Among strains of E. coli (EHEC), pathogenic strains synthesizing verotoxins (shiga-like toxins) are of particular importance. Enterohemorrhagic Escherichia coli (EHEC) includes the following highly pathogenic serotypes: O157:H7, O26, O103, O111, O145, etc.

E.coli O157:H7/O157 is a dangerous Escherichia coli, the main and most common representative of the enterohemorrhagic Escherichia coli group. The most significant EHEC serotype is E. coli O157:H7, but other serotypes are often responsible for sporadic cases and outbreaks.

Are all strains of E. coli harmful to humans?

Most strains of E. coli are harmless. However, some strains, such as enterohemorrhagic E. coli (EHEC), cause severe foodborne illness.

Sources of EHEC outbreaks?

Raw or undercooked minced meat products, raw milk and vegetables contaminated with faeces.

What are the symptoms of an illness caused by HENEC?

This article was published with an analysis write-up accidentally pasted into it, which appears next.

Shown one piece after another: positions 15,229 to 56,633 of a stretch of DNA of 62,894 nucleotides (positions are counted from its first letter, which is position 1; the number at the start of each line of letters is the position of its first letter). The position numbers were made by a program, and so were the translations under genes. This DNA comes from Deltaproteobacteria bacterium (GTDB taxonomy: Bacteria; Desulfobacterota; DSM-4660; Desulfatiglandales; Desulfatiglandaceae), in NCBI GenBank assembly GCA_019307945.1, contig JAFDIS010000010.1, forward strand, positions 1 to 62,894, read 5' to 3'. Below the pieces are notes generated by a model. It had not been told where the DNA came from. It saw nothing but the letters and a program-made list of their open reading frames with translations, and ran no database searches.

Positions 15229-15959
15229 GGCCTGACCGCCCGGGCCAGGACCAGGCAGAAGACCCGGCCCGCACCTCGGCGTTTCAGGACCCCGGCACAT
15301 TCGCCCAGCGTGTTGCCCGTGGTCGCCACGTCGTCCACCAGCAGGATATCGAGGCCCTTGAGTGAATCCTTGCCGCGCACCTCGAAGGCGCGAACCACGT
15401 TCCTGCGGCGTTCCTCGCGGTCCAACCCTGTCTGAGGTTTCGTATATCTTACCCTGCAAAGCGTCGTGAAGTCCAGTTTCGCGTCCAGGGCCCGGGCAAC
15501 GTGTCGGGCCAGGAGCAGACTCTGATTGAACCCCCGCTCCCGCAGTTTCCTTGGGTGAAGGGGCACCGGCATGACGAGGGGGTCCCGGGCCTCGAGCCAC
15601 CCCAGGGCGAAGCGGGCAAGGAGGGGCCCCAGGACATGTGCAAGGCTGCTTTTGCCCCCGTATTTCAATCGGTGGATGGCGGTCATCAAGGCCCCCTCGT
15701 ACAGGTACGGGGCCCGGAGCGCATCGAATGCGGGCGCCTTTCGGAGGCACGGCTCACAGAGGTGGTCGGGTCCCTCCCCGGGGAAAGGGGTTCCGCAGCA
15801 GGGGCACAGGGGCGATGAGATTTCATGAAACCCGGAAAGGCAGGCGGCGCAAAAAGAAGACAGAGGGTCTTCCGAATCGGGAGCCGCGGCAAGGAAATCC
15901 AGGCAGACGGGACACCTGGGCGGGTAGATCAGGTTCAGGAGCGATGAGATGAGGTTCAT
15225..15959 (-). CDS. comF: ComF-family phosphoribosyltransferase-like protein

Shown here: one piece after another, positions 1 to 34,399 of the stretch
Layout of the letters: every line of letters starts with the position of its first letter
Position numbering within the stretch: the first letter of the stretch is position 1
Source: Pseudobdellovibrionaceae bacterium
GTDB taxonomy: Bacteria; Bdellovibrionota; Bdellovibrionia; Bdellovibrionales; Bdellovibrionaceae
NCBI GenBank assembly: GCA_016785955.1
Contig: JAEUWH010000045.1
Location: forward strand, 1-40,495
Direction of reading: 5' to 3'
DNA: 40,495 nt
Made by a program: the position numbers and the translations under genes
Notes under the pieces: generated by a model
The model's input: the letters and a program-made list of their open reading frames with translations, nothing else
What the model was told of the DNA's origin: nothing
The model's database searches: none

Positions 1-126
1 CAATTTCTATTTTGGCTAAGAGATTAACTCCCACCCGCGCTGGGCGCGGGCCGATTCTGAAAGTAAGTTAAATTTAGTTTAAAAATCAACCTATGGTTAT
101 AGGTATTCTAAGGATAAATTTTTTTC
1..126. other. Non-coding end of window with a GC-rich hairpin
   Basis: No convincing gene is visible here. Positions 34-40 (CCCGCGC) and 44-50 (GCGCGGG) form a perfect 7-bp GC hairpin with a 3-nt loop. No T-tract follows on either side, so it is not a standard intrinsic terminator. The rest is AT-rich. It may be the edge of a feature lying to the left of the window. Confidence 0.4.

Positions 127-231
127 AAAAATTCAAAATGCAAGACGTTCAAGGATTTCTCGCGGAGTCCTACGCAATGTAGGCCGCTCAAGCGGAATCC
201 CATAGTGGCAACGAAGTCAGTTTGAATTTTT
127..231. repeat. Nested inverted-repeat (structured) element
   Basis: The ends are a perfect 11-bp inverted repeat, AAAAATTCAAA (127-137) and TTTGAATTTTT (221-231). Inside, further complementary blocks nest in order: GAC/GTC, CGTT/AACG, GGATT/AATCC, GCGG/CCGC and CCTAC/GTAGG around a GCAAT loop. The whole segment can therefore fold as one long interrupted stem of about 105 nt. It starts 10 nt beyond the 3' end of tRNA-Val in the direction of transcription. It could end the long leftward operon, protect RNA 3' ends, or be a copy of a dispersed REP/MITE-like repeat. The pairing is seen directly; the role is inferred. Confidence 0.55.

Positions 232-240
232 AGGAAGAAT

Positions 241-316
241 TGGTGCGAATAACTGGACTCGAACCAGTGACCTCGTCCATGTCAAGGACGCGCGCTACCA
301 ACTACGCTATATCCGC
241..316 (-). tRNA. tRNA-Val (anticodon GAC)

Symptoms: abdominal cramps and diarrhea, hemorrhagic colitis. Fever and vomiting are possible.

What is the incubation period?

The incubation period lasts from 3 to 8 days.

In what environment does HEC O157:H7 serotype develop?

The reservoir of this pathogenic microorganism is cattle, sheep, goats, deer, pigs, horses, rabbits, dogs, cats, birds (chickens, turkeys).

How is the EHEC O157:H7 serotype transmitted to humans?
  • Through consumption of contaminated foods such as raw or undercooked ground meats and raw milk.
  • Through faecal-contaminated water and other foods.
  • Due to cross contamination during preparation.